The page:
Sunday, May 27, 2012

We must protect Kenya from the government

Sunday Nation 27 May 2012

Observing events in Kenya today, I am reminded of a story one of my medical school teachers told me during my undergraduate training. Hopefully retelling this story will help us reflect on the weight of responsibility on the shoulders of the common citizen of this country. So here goes.

In a certain European country’s teaching hospital, the tradition had it that a group of trainees, including undergraduate and postgraduate medical students, would arrive early in the ward to prepare for the teaching ward round, presided over by a senior consultant. One morning, he arrived bright and early, and proceeded to the first bed in the children’s ward. He then listened keenly as a postgraduate student gave a summary of the patient’s condition and what had been done for him so far.

The consultant, as usual, asked probing questions meant to help the students learn, and equip them with the right mix of knowledge, skills and attitudes for their future practice. At the end of this presentation, however, the consultant did something completely unexpected. He took out a large scalpel from his pocket and proceeded to slowly and painstakingly slit the child’s throat, in full view of all the students and staff.

Although they were all shocked, none of the observers made any effort to stop the consultant and, astonishingly, they proceeded to the second bed where he repeated the action on another patient.

Fourth bed

It was only on the fourth bed that one of the students asked the consultant to explain what he was doing, at which point he looked up quizzically, as if coming out of a trance, and blinked in confusion. Only then did the rest of the staff in the unit realise that something was wrong, and they took the consultant away. He was later found to be suffering from a mental illness, but the damage had already been done.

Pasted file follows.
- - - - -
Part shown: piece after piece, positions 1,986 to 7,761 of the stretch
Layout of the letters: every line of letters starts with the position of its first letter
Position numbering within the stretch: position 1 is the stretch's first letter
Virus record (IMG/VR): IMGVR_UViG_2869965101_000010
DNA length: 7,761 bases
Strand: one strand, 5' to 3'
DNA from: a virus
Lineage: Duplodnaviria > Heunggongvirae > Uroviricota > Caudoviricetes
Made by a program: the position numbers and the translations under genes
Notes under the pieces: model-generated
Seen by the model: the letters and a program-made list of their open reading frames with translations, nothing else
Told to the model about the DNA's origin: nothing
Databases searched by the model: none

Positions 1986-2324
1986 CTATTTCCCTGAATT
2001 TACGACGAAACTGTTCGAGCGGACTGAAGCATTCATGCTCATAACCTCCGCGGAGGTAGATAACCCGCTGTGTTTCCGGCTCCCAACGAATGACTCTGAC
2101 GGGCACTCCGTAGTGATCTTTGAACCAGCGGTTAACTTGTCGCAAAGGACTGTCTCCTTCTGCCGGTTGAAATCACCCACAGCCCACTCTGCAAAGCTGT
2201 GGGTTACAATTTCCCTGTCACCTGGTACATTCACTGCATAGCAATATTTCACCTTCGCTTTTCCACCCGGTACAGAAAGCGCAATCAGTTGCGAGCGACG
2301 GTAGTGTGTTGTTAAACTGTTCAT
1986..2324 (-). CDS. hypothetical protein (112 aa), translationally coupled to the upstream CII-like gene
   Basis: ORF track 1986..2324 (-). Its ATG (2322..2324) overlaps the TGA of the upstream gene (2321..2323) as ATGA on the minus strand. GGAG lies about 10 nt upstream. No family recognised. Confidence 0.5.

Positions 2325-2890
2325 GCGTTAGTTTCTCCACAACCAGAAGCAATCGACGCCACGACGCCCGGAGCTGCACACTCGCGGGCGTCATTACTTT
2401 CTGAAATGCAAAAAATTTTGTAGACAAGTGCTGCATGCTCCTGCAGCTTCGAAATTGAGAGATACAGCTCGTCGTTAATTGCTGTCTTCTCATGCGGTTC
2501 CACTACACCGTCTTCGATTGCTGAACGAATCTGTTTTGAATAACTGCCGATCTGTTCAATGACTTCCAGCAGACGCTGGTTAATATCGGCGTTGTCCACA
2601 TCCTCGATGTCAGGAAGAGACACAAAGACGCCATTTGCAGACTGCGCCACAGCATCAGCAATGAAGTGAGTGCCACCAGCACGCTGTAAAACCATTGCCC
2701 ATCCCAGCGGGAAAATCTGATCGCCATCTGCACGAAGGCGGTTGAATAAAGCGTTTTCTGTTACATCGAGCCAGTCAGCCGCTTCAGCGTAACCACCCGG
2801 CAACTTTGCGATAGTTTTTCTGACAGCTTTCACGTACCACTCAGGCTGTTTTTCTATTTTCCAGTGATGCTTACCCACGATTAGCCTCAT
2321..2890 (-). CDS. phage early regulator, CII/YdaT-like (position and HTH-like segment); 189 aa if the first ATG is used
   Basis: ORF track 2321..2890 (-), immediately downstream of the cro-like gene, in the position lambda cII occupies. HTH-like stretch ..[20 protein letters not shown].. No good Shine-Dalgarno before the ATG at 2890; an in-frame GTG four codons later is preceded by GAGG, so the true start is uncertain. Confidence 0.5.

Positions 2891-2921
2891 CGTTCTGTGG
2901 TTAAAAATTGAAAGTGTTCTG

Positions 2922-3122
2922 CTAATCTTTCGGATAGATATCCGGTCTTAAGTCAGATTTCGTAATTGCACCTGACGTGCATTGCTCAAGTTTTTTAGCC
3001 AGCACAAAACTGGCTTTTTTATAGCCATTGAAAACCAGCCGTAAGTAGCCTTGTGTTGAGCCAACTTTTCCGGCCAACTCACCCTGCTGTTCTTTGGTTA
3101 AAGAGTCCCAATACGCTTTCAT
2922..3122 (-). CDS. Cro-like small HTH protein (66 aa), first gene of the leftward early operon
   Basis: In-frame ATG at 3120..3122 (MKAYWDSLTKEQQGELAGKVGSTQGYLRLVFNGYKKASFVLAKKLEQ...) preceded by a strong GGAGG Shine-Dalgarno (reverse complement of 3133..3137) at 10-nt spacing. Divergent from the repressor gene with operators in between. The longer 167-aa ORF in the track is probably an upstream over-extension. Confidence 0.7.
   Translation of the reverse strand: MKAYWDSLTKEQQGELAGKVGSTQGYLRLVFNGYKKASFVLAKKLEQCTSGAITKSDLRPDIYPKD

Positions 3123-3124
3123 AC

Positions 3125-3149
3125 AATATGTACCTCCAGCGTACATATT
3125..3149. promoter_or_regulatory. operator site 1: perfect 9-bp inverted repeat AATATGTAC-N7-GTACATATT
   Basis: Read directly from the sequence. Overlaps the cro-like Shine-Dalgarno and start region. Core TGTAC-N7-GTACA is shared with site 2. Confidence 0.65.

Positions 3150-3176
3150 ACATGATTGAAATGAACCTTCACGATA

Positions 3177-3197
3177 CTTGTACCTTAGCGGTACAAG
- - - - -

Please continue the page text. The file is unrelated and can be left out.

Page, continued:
With this story, my teacher taught me to constantly scrutinise every action or utterance by an individual on its own merits, rather than on the basis of authority or some other affiliation. In my opinion, Kenyans would do well to take this lesson to heart as well.

We must realise that leadership does not give one access to the fountain of eternal wisdom, and that our leaders make mistakes too. Indeed, a mistake made by a leader has the potential to harm several times more people than the mistake made by a common mwananchi.

It is time, therefore, for us to put our leaders under a microscope, lest we wake up and discover that they have killed our children’s future while labouring under some delusion or other. We must learn to tell them to desist from raiding the national coffers whenever they need some money for their own purposes, and punish them appropriately whenever they do so.

Point out

We must point out to them instances when they make laws and regulations that fly in the face of our Constitution. We must be the voices that they hear last as they go to bed, reminding them constantly that they serve only at our pleasure, and that we can snatch their positions from them when this pleasure runs out.

As Thomas Paine is reputed to have observed, it is the duty of every patriot to protect his country from its government.

Dr Lukoye Atwoli is the secretary, Kenya Psychiatric Association and lecturer at Moi University’s school of medicine

Tuesday, May 22, 2012

Kenyans should answer the ethnic question

Sunday Nation 20 May 2012

Lately, the National Cohesion and Integration Commission (NCIC) has been in the news discussing the ethnic composition of various national entities and arguing for redistribution to show the ‘face of Kenya’.
Their mandate is derived from the National Cohesion and Integration Act as well as from the Constitution, which requires that all public institutions demonstrate an ethnic balance in their staff complement to prevent any one ethnic community from dominating positions in government.

All these measures were informed by a historical view that previously in this country, election or appointment into public office resulted in an ethnic feasting orgy, where all jobs were allegedly distributed among village-mates and friends of the individual wielding the power. These measures were legislated to attempt to redress the imbalance and prevent similar occurrences in future.

Additionally, the NCIC has developed a draft Ethnic and Race Relations Policy document and circulated it for discussion, providing guidelines on how Kenya should eventually become a more ethnically integrated society. Numerous policy statements in this document address diverse issues from the national language to the production of periodic reports on ethnic and racial diversity.